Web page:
On May 26, 1913, Theodore Roosevelt sat in court in Marquette, Michigan, watching man after man declare on the stand that he was not, and never has been, a drunk. He must have been pleased, because Roosevelt — everyone’s favorite mustachioed, quote-spewing, Rough-Riding president — was ready to take anyone to court who said he favored a drink or two.
“Roosevelt lies and curses in a most disgusting way,” the Iron Ore newspaper wrote on October 12, 1912, with a presidential election less than a month away. “He gets drunk, too, and that not infrequently, and all his intimates know about it.”
That was the turning point for Teddy. Like another, more recent, presidential candidate who avoids alcohol and is quick to sue, Roosevelt went after the press. He sued the editor of the Iron Ore, George Newett, for libel. Riding into the courthouse with a wave of supporters from the train station he arrived at, the Theodore Roosevelt Center writes, 54-year-old Roosevelt made his case that he does not, in fact, drink to excess.
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“I ask you, since your arrival at the age of manhood, what is the fact as to whether you have ever been under the influence of intoxicating liquors or drugs?” the court asked Roosevelt.
“I have never been drunk or in the slightest degree under the influence of liquor,” Roosevelt replied.
Roosevelt’s manhood came from riding into Cuba with the Rough Riders, shooting wild game in Africa,and boxing in underground matches he arranged at the White House. It even came from edited photos of him riding a moose. It did not come from drinking whiskey, brandy,or beer (he did admit to occasionally drinking light wine, however).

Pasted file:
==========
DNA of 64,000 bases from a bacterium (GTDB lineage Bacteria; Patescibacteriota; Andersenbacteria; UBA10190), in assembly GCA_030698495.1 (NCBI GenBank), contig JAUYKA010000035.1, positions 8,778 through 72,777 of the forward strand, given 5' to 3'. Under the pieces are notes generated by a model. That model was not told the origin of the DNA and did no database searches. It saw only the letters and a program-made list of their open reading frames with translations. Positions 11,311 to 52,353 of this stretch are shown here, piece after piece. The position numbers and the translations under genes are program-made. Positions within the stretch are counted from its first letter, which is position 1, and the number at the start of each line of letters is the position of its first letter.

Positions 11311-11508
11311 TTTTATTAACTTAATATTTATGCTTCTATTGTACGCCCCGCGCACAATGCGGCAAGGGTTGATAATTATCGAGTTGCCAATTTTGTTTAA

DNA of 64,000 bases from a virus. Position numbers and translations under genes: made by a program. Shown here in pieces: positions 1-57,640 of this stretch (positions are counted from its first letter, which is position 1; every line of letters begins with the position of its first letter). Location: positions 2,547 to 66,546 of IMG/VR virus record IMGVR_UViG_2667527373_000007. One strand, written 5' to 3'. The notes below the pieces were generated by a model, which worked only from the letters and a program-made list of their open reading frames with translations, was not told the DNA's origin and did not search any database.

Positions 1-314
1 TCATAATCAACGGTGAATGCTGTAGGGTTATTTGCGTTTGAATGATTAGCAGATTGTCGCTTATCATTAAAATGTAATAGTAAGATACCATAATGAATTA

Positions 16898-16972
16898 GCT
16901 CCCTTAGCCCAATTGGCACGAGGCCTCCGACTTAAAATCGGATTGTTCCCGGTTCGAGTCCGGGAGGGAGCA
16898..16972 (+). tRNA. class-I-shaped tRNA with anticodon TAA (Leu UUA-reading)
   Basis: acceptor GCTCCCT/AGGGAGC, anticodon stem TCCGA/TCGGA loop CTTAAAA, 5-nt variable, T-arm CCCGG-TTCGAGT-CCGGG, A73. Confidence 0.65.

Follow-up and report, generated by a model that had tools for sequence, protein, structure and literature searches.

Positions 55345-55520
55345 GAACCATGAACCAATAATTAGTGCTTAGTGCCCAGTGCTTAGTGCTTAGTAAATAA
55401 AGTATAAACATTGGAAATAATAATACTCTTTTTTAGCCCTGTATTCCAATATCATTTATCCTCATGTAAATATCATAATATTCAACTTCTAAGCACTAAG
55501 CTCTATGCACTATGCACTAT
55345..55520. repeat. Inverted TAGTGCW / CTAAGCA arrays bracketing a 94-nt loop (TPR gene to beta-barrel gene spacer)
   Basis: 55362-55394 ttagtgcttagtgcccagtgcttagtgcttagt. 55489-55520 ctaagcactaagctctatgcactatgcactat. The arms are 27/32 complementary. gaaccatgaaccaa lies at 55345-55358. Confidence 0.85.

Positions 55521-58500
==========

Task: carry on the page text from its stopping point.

“I have never drunk a high-ball or cocktail in my life,” Roosevelt told the court. “I have sometimes drunk mint juleps in the White House. There was a bed of mint there, and I may have drunk half a dozen mint juleps a year, and certainly no more.”
A mint julep is, of course, a cocktail. But mint is good for you, right? At least in moderation.
“I never drank but one mint julep at a time,” Roosevelt said. “I doubt if I have drunk a half dozen a year; I doubt if I drank a dozen during the entire seven and a half years there since I left the presidency. In the four years since I left, I remember I have drunk two.”
One of those two times, Roosevelt “simply touched a mouthful” of the mint julep, and the other time he only drank from a cup that was passed around state governors. The trial was, as all things Teddy Roosevelt, a massive affair.
“BARS ALL RUMOR ABOUT ROOSEVELT,” The New York Times headlined a story about the trial. “Correspondent’s denial of tippling story causes five-hour battle between lawyers.”
The defense, The Times writes, was counting on people showing up and calling Roosevelt a drinking man. If enough people believed that, the paper could claim it printed a common belief. Instead, more people showed up to support Roosevelt.
Being considered a drinking man in 1913 was quite a feat. According to data from the National Institutes of Health, 2.56 gallons of alcohol were consumed per capita from 1911 to 1915. Roosevelt’s claims he made in the court room wouldn’t make him a drinking man today, let alone in that heavier-drinking era.
Roosevelt ended up winning the libel suit against Newett, continuing the power of “The Roosevelt Way” that started when he broke from the Republican party to run as an independent presidential candidate. The Roosevelt way, the Iron Ore said in the same libelous article, is that Roosevelt “is the only man who can call others liars, rascals and thieves, terms he applies to Republicans generally,” despite the fact that “all that Roosevelt has gained politically he received from the hands of the Republican party.”
Politics aside, drinking light wine and mint juleps isn’t a terrible habit. But if you take Roosevelt’s drinking habits on as your own, don’t try to get out of calling a mint julep a cocktail.